Annie Smidt
Mar 21, 2013 Annie Smidt rated it it was ok
Shelves: read-2013
A multi-century historical novel set in the Berkshires seemed, in theory, like a pleasant diversion, but I found this book pretty unengaging. Rather than some kind of intergenerational epic, it comes across more like a collection of short stories in which characters are somehow related but are also so shallowly depicted that it's hard enough to remember whom you're reading about, never mind how they fit into the bigger picture of families and events.

Many of the stories felt unfinished, or finis
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TheGirlBytheSeaofCortez
In general, I dislike magical realism, but I love the brand of magical realism written by Alice Hoffman. I like that fact that Hoffman isn’t a “showy” writer, that she doesn’t depend on plots that carry the reader along at breakneck speed or, despite her fondness for magical realism, gimmicks. Alice Hoffman is, instead, a restrained writer, a gentle and quiet writer, and one who leaves the stylistic pyrotechnics to others. However, she’s a masterful storyteller and a gifted author.

Hoffman’s late
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Maciek
Alice Hoffman has written many books, but The Red Garden is the first one that I've read. I don't know how it compares to the rest of them, but I enjoyed it as my introduction to her work.

The Red Garden is a novel broken into seven short stories, all concerned with the same town of Blackwell in rural Massachusetts. The opening story, The Bear House, describes the arrival of the first settlers to the uninhabited wilderness and the set up of a first community, Bearsville in 1750 - named so after t
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Elizabeth Van Orden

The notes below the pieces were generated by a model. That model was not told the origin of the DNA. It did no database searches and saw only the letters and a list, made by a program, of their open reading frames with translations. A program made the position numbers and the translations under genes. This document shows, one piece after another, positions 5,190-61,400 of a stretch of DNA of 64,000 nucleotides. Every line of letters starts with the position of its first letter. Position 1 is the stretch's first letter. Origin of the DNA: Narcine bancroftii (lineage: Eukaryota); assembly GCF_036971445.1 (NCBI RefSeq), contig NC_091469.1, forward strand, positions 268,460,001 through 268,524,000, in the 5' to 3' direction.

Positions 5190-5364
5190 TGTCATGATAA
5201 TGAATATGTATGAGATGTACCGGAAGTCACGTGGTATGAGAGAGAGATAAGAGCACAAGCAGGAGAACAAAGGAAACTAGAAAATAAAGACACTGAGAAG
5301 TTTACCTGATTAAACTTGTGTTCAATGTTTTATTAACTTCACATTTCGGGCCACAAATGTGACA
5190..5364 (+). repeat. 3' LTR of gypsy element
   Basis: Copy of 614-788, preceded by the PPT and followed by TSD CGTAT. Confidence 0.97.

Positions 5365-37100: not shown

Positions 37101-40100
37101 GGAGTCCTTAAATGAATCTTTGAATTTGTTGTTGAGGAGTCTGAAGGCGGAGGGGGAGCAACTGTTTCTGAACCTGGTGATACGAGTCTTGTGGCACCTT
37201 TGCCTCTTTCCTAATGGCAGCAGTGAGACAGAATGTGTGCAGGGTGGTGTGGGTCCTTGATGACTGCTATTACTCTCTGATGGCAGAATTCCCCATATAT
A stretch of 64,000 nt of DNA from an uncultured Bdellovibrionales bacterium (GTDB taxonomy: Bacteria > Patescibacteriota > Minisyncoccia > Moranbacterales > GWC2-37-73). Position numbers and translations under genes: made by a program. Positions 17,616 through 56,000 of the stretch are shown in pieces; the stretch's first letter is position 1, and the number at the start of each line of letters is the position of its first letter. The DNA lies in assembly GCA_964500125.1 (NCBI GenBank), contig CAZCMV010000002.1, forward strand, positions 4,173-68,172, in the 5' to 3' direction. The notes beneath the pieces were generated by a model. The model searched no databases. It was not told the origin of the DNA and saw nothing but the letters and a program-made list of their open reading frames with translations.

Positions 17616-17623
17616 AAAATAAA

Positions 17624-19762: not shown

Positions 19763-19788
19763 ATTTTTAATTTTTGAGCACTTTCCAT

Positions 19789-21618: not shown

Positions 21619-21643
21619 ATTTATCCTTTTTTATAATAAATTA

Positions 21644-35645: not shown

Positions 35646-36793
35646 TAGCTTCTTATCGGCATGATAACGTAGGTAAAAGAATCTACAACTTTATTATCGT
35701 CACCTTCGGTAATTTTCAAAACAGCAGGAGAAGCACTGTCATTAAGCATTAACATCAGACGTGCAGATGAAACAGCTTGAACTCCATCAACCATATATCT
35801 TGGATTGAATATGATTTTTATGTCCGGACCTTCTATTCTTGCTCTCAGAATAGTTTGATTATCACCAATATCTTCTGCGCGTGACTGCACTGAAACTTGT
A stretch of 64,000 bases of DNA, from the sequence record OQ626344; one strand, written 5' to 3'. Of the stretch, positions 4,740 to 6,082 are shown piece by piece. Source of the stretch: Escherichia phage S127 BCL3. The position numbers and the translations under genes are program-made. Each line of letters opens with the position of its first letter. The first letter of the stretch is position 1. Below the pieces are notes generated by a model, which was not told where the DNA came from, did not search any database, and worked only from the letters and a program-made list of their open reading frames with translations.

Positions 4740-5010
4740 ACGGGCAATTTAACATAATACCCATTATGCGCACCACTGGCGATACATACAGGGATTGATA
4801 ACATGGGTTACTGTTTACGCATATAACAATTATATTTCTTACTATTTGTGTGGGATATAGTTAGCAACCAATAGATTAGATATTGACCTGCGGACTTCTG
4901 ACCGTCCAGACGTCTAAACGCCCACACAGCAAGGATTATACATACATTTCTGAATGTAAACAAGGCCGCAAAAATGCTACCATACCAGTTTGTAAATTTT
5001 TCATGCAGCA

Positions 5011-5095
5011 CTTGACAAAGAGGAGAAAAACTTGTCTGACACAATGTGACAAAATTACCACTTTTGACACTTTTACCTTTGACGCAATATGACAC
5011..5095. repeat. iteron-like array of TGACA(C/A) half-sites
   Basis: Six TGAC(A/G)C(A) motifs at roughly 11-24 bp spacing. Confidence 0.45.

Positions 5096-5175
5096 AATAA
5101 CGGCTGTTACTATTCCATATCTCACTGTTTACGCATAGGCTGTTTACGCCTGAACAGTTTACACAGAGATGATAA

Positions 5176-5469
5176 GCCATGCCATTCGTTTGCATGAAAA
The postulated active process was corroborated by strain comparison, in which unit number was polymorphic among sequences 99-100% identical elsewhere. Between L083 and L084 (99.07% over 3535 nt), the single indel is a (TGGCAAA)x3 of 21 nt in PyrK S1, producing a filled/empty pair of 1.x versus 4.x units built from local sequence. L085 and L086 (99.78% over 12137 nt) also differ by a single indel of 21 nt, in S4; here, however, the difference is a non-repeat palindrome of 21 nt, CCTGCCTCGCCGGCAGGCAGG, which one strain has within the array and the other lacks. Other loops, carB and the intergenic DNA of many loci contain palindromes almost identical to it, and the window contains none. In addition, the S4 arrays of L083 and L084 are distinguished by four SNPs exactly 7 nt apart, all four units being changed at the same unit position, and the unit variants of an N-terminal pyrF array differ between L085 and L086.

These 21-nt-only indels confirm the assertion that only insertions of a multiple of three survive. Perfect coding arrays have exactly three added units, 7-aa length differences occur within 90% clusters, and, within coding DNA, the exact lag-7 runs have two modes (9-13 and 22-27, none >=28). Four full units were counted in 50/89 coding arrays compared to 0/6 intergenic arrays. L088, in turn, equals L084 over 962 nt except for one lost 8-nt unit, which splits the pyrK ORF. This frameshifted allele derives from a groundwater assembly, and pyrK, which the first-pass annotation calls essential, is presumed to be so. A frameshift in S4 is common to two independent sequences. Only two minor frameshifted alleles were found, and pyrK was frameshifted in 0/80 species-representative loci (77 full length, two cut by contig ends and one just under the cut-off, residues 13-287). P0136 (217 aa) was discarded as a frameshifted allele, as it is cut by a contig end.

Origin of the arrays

Feb 27, 2011 Elizabeth Van Orden rated it liked it
I wasn't as enthralled with the "magic" of the Red Garden as most other reviewers. Some of the stories were a lot of fun to read, others just dragged on. I never quite bought into the mystery of the garden, its red soil, and its inability to grow anything that wasn't red.

The story where the "paleontologist" from Harvard comes out was by far the worst. Hoffman confused paleontology with archaeology and should have done a little research before writing the nonsense she wrote. I went to graduate s
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Britany
Nov 26, 2013 Britany rated it really liked it
Shelves: audiobook
Magical book taking place in Blackwell, Massachusetts. Starts back in the 1700s when the town was first founded and tells the stories within the town for the next 300 years. Filled with magic, love, loss, bears, and an apparition.

It centers around Hallie Brady and her blood red garden that transpires into the next generation and story...

I devoured each chapter as the narrator took me on a journey of Blackwell, and I learned about the different family lines and how they ended up crossing and cros
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Laura
Oct 10, 2014 Laura rated it really liked it
I'm new to this author but haven't been disappointed yet. This is a series of short stories spanning around 250 years covering the people of Blackwell. The only criticism I would have would be some stories stopped short for me. Thus being "short stories". I'm a detail person so I wanted to know the whys and hows of every story. Sometimes it left you hanging to gleam from it what you will. Very well written! I'm a Hoffman fan as of a few weeks ago. I look forward to more of her tales.
Diane
Feb 04, 2011 Diane rated it really liked it
From a summary: The Red Garden introduces us to the luminous and haunting world of Blackwell, Massachusetts. Hoffman offers a transforming glimpse of small-town America, presenting us with some three hundred years of passion, dark secrets, loyalty, and redemption in a web of tales.

I haven't read an Alice Hoffman book for a few years, but I was intrigued by this one right from the first page. There's something comforting about following families over a three hundred year period -- especially whe
...more
Melki
Aug 18, 2011 Melki rated it really liked it
Another absolutely lovely book by Alice Hoffman. I cannot think of a fiction writer who is better at describing the outdoors. She makes me see the sunlight filtering through the trees, leaving honey-colored splotches on the ground. I can hear the locusts, smell the lilacs and feel the moss between my toes. A year from now I won't be able to remember a thing about this book other than the fact that reading it made me feel quite pleased with the universe.
Josh
Oct 11, 2014 Josh rated it liked it  ·  review of another edition
Shelves: short-stories
There were parts of this novel, or set of short stories, or whatever it is, that were great. There were a few distractions though that kept me from fully enjoying it.